6.  Lead by Example.  You may be confronted and questioned, (yes, even teased a little, brush it off) about your diet.  Simply try to give your friends and family honest, and informative reasons for the choices you are making regarding your health and nutrition without belittling or berating them about their own decisions.  Share your personal experiences- what have you found most difficult or most inspirational/enjoyable, how has changing your nutrition affected your health in a positive way, is there a “can’t live without” recipe you just HAVE to email them?

Many will notice your positive physical changes if it has been a while since they have seen you and they may even want to know your “secret”.  Share!

 

 

Tips to avoid sugary treats.

Often, avoiding sugary treats is a mental game.  We spend a great deal of time talking ourselves into eating cookies, cakes and desserts.

First:  Remind yourself, this is not “food”.  I will not feel good after I eat this.   Refined flour and refined white sugar are not good for me and will not benefit my body in any way.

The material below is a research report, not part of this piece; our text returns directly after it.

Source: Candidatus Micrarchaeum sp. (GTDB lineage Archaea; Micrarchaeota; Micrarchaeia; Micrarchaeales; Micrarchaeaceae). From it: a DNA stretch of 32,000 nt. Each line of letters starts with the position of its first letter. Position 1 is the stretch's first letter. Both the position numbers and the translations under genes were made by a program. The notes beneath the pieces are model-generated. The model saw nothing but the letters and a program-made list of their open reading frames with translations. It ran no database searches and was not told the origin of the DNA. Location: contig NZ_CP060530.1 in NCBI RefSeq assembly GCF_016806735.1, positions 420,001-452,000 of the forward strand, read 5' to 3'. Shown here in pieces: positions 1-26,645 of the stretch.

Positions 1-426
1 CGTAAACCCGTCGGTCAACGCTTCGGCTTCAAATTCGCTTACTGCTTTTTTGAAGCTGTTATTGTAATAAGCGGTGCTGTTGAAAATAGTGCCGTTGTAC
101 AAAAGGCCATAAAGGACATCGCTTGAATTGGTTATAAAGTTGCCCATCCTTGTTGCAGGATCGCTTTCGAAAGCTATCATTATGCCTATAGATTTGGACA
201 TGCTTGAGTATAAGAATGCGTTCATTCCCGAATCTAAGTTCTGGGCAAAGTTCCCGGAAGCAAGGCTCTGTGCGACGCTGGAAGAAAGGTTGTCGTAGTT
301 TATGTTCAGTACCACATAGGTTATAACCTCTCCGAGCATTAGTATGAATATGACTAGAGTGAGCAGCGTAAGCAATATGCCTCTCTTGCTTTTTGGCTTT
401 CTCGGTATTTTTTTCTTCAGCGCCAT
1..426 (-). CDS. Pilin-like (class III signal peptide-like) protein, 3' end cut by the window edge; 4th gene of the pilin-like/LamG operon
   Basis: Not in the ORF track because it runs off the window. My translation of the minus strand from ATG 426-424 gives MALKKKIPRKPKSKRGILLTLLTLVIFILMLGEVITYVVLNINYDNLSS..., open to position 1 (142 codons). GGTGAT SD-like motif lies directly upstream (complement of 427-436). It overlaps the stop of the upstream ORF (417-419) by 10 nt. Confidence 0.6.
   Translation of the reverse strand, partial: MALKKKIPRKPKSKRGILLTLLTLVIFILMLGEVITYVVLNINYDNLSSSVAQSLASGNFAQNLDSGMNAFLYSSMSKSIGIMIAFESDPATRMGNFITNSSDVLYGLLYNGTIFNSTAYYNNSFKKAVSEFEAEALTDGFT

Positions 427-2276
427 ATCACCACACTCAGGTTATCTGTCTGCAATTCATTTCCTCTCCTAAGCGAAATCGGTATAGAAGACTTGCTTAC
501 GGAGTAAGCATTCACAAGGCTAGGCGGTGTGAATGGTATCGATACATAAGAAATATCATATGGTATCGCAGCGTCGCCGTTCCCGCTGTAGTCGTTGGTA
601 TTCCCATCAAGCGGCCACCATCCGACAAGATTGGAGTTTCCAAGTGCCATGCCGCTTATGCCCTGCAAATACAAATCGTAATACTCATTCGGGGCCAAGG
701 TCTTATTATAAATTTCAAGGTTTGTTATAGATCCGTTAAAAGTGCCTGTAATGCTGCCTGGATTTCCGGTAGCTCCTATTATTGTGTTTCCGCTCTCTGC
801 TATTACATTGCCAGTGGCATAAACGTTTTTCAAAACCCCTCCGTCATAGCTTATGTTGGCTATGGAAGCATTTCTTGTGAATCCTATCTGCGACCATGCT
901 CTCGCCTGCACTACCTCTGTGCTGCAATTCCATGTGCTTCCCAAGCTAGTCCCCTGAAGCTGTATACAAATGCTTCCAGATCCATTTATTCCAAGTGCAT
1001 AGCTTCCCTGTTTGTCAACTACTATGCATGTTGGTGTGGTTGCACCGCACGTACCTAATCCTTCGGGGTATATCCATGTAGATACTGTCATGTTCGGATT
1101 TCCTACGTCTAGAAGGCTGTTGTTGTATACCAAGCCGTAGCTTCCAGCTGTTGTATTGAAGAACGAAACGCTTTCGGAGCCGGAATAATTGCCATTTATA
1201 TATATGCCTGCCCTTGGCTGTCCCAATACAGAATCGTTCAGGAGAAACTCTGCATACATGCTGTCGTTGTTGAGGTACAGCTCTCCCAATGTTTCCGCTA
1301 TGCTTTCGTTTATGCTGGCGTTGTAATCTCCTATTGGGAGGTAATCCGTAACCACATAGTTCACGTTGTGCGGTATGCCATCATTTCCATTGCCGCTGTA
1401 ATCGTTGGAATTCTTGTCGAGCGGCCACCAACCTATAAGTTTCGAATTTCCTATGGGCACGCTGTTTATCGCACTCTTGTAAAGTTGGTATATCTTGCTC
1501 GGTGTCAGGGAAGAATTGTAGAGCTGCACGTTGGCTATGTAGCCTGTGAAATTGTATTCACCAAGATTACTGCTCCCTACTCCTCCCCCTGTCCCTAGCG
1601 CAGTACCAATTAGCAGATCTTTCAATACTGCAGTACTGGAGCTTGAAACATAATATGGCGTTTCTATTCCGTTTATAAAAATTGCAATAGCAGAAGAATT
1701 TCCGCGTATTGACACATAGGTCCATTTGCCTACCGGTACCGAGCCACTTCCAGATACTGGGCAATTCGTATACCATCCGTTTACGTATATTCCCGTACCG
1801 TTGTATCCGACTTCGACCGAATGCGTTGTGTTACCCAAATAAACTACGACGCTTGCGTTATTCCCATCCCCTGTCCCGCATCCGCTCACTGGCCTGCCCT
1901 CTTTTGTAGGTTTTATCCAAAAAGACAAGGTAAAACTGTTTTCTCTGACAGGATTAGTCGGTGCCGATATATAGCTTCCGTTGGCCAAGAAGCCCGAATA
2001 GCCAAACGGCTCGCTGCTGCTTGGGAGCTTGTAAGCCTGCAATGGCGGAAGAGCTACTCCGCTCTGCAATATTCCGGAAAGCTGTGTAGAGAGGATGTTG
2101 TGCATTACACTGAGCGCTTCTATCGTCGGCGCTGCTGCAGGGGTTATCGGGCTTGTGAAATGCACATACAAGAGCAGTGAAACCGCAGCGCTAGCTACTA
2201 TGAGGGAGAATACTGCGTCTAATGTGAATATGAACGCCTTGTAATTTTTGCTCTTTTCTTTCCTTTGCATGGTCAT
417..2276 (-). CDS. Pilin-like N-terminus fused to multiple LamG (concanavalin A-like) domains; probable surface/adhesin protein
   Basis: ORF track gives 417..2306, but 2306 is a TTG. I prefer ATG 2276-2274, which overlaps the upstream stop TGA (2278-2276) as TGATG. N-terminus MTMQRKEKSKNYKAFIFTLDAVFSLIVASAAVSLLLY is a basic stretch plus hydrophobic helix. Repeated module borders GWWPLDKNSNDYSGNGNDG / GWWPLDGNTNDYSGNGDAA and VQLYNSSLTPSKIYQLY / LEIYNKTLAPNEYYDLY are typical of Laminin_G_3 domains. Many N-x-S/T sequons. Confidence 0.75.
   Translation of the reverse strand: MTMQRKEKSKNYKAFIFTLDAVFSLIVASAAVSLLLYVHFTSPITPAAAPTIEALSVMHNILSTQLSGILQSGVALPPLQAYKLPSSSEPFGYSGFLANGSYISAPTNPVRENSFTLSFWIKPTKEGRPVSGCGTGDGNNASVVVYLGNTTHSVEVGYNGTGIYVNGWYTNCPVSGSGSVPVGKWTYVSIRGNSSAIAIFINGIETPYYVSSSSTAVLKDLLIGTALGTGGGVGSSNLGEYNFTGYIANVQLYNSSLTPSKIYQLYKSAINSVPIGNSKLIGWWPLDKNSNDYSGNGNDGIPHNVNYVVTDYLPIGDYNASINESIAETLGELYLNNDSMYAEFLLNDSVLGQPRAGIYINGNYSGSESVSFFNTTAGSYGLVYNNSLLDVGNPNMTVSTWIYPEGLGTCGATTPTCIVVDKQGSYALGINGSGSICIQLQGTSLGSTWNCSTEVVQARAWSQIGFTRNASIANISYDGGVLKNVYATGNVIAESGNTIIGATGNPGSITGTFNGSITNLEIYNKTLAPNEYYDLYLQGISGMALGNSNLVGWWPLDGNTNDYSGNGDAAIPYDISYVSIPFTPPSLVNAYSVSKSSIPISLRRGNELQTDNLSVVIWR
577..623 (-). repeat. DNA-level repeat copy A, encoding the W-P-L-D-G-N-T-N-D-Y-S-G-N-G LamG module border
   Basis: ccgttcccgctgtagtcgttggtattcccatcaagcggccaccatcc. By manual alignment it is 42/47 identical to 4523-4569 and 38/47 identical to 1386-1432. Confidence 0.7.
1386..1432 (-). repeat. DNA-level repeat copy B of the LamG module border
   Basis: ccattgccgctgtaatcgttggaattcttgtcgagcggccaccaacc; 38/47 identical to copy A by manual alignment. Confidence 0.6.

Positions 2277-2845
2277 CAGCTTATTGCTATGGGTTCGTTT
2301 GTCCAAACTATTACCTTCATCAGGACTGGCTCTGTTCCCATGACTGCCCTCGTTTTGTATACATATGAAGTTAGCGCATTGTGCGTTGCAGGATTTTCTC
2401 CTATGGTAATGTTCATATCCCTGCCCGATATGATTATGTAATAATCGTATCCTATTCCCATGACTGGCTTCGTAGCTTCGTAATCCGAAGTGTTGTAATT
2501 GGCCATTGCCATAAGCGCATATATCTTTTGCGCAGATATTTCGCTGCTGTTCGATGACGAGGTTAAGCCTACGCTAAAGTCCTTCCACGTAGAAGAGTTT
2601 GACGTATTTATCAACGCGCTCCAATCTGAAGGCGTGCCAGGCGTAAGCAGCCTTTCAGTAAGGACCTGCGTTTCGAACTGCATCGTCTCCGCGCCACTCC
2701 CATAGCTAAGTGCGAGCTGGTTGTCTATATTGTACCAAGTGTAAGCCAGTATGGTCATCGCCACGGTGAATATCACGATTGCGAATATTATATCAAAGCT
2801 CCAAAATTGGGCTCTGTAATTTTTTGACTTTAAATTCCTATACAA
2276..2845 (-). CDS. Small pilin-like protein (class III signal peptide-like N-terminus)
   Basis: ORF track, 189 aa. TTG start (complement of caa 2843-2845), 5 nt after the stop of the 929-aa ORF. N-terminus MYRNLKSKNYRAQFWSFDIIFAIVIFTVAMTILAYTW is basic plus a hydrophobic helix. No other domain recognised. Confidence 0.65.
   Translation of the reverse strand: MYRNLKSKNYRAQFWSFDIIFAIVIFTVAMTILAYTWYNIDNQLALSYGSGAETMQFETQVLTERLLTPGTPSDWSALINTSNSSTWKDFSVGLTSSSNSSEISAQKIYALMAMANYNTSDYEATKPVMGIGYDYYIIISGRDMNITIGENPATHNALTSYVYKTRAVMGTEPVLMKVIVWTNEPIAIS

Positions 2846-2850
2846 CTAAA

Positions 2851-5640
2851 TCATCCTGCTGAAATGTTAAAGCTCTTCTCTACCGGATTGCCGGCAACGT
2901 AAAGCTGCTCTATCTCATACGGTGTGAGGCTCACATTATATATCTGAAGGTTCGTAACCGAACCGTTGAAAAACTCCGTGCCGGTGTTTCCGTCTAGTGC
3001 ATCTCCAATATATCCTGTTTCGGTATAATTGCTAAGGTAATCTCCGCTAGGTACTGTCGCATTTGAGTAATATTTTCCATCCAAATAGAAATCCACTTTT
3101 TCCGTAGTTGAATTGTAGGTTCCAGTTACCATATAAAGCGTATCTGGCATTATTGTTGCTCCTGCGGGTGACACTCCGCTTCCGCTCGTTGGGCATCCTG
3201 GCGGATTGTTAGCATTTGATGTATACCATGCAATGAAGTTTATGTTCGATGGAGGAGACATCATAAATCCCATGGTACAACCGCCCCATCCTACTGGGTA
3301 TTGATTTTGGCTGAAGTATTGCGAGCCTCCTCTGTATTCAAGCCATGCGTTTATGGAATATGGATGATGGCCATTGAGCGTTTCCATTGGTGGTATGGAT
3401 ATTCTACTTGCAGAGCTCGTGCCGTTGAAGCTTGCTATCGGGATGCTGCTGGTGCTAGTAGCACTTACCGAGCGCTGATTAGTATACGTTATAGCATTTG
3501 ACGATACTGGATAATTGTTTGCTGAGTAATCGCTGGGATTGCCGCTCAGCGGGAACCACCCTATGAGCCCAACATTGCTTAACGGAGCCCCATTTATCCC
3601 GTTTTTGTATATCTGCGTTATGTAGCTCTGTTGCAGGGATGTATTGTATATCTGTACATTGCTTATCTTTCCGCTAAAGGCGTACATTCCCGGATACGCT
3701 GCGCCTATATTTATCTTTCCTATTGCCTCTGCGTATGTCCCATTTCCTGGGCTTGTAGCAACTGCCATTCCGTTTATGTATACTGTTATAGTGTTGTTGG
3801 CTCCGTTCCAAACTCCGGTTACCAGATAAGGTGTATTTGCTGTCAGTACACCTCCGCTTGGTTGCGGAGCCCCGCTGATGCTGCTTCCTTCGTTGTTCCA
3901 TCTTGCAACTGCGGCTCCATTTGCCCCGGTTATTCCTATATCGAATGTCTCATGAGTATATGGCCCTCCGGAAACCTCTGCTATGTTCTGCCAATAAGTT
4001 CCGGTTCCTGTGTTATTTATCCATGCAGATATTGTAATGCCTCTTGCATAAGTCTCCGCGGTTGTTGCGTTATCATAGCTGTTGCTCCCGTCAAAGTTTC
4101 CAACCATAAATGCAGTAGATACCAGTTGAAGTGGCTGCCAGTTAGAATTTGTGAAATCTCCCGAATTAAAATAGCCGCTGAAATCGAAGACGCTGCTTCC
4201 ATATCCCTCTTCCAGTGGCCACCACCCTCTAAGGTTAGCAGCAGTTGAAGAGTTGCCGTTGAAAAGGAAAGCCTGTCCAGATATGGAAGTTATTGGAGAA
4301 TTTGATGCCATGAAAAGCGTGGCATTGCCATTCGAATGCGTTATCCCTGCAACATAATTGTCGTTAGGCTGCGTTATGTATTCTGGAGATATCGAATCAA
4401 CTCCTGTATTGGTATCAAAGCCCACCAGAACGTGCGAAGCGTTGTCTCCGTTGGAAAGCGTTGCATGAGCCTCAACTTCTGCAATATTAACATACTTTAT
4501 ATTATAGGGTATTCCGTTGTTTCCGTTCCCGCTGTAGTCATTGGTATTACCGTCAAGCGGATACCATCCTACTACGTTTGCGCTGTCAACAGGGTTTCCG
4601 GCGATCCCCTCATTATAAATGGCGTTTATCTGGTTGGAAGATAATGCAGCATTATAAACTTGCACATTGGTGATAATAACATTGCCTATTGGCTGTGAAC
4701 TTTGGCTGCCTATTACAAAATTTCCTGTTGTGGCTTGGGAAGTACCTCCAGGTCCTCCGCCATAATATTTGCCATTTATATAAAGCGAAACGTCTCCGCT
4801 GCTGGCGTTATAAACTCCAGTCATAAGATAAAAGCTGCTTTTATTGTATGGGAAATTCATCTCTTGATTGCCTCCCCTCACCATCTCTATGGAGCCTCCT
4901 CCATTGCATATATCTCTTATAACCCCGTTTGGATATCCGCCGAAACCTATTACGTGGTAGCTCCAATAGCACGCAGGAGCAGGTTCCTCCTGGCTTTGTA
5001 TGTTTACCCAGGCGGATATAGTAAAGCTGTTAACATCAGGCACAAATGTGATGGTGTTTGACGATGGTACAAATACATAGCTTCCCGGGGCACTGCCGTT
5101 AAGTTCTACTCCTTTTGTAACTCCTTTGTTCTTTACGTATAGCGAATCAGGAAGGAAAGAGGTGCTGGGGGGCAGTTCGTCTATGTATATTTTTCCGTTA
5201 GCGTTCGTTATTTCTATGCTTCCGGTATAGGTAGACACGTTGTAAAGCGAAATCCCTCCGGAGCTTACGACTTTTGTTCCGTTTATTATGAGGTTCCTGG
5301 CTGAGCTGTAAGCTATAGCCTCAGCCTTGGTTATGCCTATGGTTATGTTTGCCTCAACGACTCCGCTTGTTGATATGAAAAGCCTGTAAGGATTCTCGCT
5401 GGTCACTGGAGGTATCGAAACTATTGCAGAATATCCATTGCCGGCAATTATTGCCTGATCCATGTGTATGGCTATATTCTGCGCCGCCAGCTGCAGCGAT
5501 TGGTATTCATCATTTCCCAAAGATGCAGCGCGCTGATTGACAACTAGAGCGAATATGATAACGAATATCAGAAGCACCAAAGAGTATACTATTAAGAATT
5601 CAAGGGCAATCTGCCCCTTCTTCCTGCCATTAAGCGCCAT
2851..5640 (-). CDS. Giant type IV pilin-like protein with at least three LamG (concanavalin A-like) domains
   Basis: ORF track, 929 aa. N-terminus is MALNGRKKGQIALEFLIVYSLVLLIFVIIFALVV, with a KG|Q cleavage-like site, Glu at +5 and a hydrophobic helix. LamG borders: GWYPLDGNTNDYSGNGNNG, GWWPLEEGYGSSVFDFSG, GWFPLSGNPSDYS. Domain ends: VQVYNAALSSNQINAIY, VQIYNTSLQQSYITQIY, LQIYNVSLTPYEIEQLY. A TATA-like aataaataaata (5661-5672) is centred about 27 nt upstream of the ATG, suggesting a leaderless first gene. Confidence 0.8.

Second:  Don’t sample everything.  Taking a bite of everything can add up quicker than you would think.  Take a moment to survey the table and see what’s offered.  Then do your best to pick the cleanest food available.

Third:  You are not a dog, don’t reward yourself with food.  It’s your choice, but if you want to reward yourself with a little treat, you would be better off having some fresh fruit, which contains fiber and nutrients your body actually needs.

 

If you will be celebrating at a restaurant, here are my 10 Tips to Dining Out Healthy.

1.  Check out the menu online in advance so you know your options ahead of time.  Show up with a plan. This way you won’t cave in to the deep fried, cheesy and buttery options that will derail your fitness goals.

2.  Eat before hand.  You heard right.  Have something to eat before going out.  By the time you drive to the location, get seated, order and finally get served, you are usually looking at about 1 hr, so I suggest eating something healthy before going to dinner.   Some protein, or a handful of almonds, for example.   This will guarantee you fill up on something nutritious, NOT the bread basket.  Plus you won’t be STARVING when ordering, letting your stomach make unhealthy choices due to hunger, and gobbling down a huge portion of a meal because you are letting your senses, not your sense make your food choices.

3.  Say “No Thank You” to the bread basket.  These are calories you do not need.  Anything made from refined white flour is not clean eating and will not help you reach your goals.

4.  Limit your alcohol to 1 drink.  Red wine is best due to the antioxidant health benefits, but all alcohol is unnecessary calories.